Editor's Note: The following contains graphic descriptions of George Floyd's fatal arrest, as well as a link to the unedited video. The reader's discretion is advised.
It seems the country has dipped into chaos.
At the time of publication, the Minneapolis police station is a burnt out husk of its former self. The four officers involved in the death of George Floyd have been fired. Derek Chauvin, the man most clearly responsible for his death, has been charged with third-degree murder.
But if you really want to understand what’s happening in Minneapolis — and what is quickly unfolding across the country — you need to watch the full, unedited video of Floyd’s death. The clips on social media and broadcast news won’t cut it. They’re too edited; they’re too short; the narrators’ voices are too soft.
Don’t worry, no one’s trying to trick you. There’s just something different about a complete, unedited video which grabs you like nothing else can.
Reading about it won’t suffice. The written word excels at conveying nuance, but what it gains in detail, it loses in visceral punch. As readers, we are firmly in control. We have the ability to pace ourselves, to dwell on that with which we are most comfortable and to skim across what we are not. We can’t help it. It’s what we do.
But there is no such control with video. You can’t dwell on what you appreciate and skim over what makes you vomit. You can’t abstract away the humanity of what happens. You can’t rely on the comforts of your imagination.
And if you’re disciplined, you won’t rewind, fast forward or pause either. Instead, you will allow yourself to feel trapped by the slow procession of events that refuse to change no matter what you do.
You will feel trapped not by the chaos but by the structure.
That’s why pictures won’t work either. A picture is only a moment in time. This video lasts ten awful minutes. And when you see the video in its full awfulness, you’ll find something just as awful wells up within you. You can’t stop it.
A picture won’t show you the small shifts in Chauvin’s balance as he adjusts the sturdiness of his knee against the softness of Floyd’s neck. It won’t show you Floyd's micro-exertions as he gasps for air. You won’t appreciate how his screams become whimpers and his whimpers become silence, how his tone shifts from resistance, to fear, to resignation.
You won’t hear his voice crack.
You’ll discover that you can’t fix the exact moment at which Floyd dies but, surprisingly, you know a dead body when you see one. It’s after the point at which a soul becomes an object — minus the poetry.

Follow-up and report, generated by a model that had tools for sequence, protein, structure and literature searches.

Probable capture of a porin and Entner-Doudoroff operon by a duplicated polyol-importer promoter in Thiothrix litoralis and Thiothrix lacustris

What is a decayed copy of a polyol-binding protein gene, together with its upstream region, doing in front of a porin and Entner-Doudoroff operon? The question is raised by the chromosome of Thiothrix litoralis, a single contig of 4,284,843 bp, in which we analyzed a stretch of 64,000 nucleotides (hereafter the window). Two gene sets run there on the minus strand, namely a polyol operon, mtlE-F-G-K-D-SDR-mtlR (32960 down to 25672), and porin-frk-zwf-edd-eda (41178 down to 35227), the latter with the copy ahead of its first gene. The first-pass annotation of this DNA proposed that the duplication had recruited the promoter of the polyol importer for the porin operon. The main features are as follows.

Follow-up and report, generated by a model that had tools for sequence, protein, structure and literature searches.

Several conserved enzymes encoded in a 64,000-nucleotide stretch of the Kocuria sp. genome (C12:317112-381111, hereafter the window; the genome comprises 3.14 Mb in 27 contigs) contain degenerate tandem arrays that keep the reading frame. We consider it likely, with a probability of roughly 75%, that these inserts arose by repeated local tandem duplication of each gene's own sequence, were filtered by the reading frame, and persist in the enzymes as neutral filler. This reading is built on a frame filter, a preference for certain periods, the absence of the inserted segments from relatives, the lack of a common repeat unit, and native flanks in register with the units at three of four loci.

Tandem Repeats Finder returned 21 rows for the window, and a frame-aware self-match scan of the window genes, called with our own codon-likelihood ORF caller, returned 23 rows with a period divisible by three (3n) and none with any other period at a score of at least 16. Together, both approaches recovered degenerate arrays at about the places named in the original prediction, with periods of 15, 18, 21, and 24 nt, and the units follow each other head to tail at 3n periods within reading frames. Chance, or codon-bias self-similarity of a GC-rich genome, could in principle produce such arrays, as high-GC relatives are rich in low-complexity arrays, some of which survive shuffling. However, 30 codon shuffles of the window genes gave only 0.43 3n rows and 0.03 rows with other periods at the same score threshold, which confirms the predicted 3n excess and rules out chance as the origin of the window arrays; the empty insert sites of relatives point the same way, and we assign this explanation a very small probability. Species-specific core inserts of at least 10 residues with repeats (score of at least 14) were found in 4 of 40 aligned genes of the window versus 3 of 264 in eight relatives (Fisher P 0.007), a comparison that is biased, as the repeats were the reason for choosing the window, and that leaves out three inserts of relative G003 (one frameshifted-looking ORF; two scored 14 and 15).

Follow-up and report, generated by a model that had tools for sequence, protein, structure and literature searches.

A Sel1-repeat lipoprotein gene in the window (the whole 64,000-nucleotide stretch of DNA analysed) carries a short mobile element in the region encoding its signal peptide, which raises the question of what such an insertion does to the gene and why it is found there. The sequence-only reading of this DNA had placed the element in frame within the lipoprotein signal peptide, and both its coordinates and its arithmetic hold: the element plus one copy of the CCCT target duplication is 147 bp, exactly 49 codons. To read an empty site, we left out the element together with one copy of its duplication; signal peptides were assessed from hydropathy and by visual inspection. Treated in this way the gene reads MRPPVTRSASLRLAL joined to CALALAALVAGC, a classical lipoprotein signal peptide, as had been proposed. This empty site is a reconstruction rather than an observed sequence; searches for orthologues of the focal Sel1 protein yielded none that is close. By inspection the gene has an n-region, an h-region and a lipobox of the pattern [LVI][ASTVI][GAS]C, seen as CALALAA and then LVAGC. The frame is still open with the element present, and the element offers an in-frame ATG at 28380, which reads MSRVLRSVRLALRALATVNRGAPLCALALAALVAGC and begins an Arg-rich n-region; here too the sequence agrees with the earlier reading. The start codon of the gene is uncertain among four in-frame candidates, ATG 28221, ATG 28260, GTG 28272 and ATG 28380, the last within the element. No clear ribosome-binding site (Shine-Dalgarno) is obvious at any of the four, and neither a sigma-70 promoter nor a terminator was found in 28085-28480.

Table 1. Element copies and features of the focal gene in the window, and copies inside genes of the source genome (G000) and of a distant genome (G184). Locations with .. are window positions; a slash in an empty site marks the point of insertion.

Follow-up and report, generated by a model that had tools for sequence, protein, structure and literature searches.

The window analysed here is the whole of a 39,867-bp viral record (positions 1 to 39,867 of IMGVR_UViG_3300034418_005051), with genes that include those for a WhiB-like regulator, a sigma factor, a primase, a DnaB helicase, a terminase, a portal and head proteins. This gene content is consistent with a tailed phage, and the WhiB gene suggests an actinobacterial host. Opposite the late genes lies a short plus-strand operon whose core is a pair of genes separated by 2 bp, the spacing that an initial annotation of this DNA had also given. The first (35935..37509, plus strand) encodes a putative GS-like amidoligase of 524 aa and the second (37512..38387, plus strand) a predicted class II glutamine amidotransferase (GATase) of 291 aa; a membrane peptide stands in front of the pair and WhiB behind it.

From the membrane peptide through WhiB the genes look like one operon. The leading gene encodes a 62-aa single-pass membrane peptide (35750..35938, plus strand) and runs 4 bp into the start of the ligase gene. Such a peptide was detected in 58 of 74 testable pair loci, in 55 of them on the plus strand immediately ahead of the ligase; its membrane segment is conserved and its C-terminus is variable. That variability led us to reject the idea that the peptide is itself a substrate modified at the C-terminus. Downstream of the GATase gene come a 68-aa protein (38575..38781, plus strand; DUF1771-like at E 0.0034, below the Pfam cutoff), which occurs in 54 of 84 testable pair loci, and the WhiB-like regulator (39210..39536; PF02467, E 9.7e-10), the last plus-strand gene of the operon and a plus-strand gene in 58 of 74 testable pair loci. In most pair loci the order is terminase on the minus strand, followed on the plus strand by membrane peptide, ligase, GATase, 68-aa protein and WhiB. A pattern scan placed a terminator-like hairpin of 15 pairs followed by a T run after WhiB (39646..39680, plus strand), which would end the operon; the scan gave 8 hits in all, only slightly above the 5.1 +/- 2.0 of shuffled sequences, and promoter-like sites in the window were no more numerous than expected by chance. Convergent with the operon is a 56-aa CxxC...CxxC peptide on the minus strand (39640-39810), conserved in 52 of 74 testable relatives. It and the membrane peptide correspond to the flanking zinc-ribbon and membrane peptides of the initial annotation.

You’ll see Chauvin keep his knee on Floyd’s neck for several minutes afterward, presumably for good measure. And while all this unfolds, you will listen, helplessly, as the onlookers demand Chauvin remove his knee and Thao, another officer at the scene, check Floyd’s pulse.
You’ll see Thao, devoid of all humanity, adopt a muscular, defiant stance, placing himself between the onlookers and Chauivin, his arms hanging precariously near the array of weapons at his belt. Thao does nothing except push away anyone who gets too close. At one point, Chauvin reaches for his mace.
This is what it looks like when you can get away with anything — and you know it. Onlookers and a video recording won’t stop you.
And if, after all is said is done, you still feel compelled to read something, read this. It’s from a political manifesto, quite old, perhaps older than the country itself depending on how you think about it. Its author was a political mastermind who nevertheless owned the ancestors of the protestors who are currently burning down Minneapolis:
“Governments are instituted among Men, deriving their just powers from the consent of the governed, --That whenever any Form of Government becomes destructive of these ends, it is the Right of the People to alter or to abolish it, and to institute new Government, laying its foundation on such principles and organizing its powers in such form, as to them shall seem most likely to effect their Safety and Happiness.”
People will differ about the efficaciousness of burning down a police station, about whether the looting we’re seeing, as terrifying as it is, can meaningfully be analogized to The Boston Tea Party. Mostly, they'll differ about whether the panoply of state sanctioned violence against black people (on which President Obama has recently commented) really justifies the chaos in which we now find ourselves.
It’s a debate between the necessity of law and order and the revolutionary impulse that still exists in most Americans. It’s a revolutionary impulse which, at its best, tilts towards justice.
But before you deign to enter into the discussion, watch the video. I suspect that, if for nothing more than a split second, you will understand what is happening in America right now.
That for the time being, the consent of the governed has been revoked.
Joshua Howell is a computer science graduate student and opinion editor for The Battalion.